A North Shore Senior High student ended up behind bars after refusing to go to school.
He is a minor, so police will not release his name, but we can confirm the 16-year-old made terroristic threats on social media.
An FBI spokeswoman said their office received a tip from a concerned Twitter user who saw the posts about possible violence on campus.
Galena Park ISD confirmed the student did not have the ability to carry out any sort of threat but wanted to remind parents about monitoring their kids and to be mindful of what they post on social media.
Law enforcement officers, across the board, would agree.
"Every time you leave a message, you've left a footprint," Harris County Constable Precinct 4 Sgt. Gary Spurger said.
As part of the high tech crimes unit, Spurger handles dozens of cases daily and admits there is not really enough time and resources to monitor all the sites 24 hours a day. That's why, often times, officers rely on users or Good Samaritans.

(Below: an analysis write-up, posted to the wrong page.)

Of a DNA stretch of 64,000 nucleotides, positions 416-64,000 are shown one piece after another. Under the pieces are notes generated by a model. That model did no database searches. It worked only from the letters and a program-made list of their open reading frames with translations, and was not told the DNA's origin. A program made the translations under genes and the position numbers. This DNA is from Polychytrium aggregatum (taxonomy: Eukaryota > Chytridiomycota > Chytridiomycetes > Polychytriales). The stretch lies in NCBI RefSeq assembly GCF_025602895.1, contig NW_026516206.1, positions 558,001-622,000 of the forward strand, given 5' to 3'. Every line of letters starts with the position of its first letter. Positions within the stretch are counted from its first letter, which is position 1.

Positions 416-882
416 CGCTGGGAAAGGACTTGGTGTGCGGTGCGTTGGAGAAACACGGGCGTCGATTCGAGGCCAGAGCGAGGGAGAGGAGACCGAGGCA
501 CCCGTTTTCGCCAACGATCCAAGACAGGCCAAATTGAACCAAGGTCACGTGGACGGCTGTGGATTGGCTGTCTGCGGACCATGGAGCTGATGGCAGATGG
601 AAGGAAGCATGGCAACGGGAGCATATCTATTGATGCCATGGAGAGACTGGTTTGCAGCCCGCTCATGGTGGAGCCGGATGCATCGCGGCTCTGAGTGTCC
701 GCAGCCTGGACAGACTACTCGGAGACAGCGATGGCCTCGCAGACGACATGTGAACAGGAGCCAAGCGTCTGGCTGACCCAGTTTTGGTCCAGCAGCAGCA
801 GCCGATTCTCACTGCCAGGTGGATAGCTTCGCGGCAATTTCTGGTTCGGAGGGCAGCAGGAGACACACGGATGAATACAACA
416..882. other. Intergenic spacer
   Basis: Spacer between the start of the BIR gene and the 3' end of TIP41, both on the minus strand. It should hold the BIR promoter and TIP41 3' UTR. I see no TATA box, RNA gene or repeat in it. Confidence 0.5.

"Once you're on the Internet, it's the entire planet you're dealing with so for us to focus on a specific area, we need help from the public to point us to a specific area."
Several agencies in Harris County would agree. In fact, many do not have someone assigned to specifically monitor social media. In most cases, they rely on the public to alert police about questionable or suspicious posts.
In this recent case, the FBI confirmed it was a concerned citizen who alerted them about the North Shore Senior High's student's threatening tweets. As a result, the teen was taken into custody where he will face a charge for making terroristic threats.
It's the perfect example as to how the public can help police since, as Sgt. Spurger said, they aren't surfing for crime, rather waiting for updates from you.